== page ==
How it works
Cost plus is about as simple as it sounds. Retailers set shelf pricing for every item in the store at their cost — the item, transportation and warehousing costs and labor to get it on the shelf — and simply charge consumers 10% of their total basket at checkout. The approach requires extreme cost discipline — most cost-plus stores do not have service delis, limit operating hours and don’t do overnight stocking. Stores aim to limit labor costs to no more than 8% of sales, sources said.
For Facemire, sacrificing deli was a painful decision. Under the Foodland banner, he took pride in store-made donuts and a successful birthday cake program that each had to be scrapped under the new format, while sliced sandwich meats were transferred to the meat department. In their place at one of his stores is what he calls a dollar section — in the cost-plus world, it’s actually an 88 cents department — that has done extremely well.
Typically, cost-plus stores aim to do higher than average meat sales — around 28.5% of total store sales, or nearly twice conventional stores, according to David J. Livingston, a consultant with Pewaukee, Wisc.-based DJL Research. Overall gross profit percentages are down vs. typical stores — about 20%, where a conventional model could show around 27% profit, Livingston added.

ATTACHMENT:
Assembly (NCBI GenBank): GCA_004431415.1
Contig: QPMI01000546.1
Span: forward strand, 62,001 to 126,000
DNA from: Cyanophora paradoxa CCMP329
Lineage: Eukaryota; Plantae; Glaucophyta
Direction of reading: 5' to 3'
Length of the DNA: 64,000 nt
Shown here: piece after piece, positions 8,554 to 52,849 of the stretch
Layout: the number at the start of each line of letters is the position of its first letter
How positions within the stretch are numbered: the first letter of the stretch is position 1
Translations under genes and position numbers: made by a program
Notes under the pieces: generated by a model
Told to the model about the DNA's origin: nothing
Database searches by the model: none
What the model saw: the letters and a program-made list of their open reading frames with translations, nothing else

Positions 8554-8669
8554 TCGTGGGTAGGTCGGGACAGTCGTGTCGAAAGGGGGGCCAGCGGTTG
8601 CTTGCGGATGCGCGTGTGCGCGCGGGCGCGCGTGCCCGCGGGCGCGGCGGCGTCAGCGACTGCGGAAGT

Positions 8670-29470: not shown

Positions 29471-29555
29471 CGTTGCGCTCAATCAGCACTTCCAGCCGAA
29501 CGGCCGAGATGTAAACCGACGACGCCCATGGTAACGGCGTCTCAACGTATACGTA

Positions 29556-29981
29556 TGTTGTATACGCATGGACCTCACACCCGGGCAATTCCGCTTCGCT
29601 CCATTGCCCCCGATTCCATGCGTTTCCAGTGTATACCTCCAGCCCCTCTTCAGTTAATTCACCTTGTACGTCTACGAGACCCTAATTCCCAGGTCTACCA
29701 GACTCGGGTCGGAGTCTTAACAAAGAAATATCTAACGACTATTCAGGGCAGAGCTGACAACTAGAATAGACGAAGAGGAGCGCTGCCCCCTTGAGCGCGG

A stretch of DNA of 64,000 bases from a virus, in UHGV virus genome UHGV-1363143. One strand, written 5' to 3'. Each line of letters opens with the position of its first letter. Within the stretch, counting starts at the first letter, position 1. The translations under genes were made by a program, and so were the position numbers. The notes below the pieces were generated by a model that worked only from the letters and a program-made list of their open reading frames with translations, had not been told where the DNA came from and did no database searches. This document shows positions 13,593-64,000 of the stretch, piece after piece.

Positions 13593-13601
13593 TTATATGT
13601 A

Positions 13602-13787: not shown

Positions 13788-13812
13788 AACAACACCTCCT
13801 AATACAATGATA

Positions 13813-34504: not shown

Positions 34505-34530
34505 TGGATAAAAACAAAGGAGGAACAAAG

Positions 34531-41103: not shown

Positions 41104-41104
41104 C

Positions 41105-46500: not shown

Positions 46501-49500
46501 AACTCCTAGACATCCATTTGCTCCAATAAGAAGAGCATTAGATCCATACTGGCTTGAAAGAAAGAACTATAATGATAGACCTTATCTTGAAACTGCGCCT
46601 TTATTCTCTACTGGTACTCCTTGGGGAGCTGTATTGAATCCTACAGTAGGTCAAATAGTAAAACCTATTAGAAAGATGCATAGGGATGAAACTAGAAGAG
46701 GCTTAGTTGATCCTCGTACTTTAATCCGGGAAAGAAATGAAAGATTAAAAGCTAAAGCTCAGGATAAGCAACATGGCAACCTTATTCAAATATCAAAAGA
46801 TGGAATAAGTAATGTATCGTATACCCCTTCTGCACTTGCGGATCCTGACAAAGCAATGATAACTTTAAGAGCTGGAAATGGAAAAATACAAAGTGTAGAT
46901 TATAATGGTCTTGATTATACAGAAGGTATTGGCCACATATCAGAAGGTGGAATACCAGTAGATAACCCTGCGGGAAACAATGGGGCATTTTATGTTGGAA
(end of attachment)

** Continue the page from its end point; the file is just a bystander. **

When prices are costs, they are what they turn out to be — and one of the hurdles for cost-plus operators and their shoppers is getting used to looking at prices that don’t necessarily end in a “9.” But the vital struggle is communicating that value to shoppers, because without heavy increases in sales volume, the concept simply doesn’t work.
“It has to be done on volume,” Miller insisted. “We can’t do the same volume we’d done before. We have to put more items through the registers, and more customers in our house.”
Operators point to the importance of having employees who can explain the concept to shoppers, and signage making the offer clear. The Avanza chain in Denver after switching to a cost-plus model in 2008 was sued by a group of consumers who said its pricing practices were deceptive. (The chain, then a division of Nash Finch, eventually settled the case by paying six plaintiffs $700 each).
“Transparency is key,” said Brian Numainville, principal of the Retail Feedback Group, who suggests that retailers attempting such a program should “over-communicate” the message. “If a retailer isn’t clear about how cost is calculated, customers might not buy into the concept.”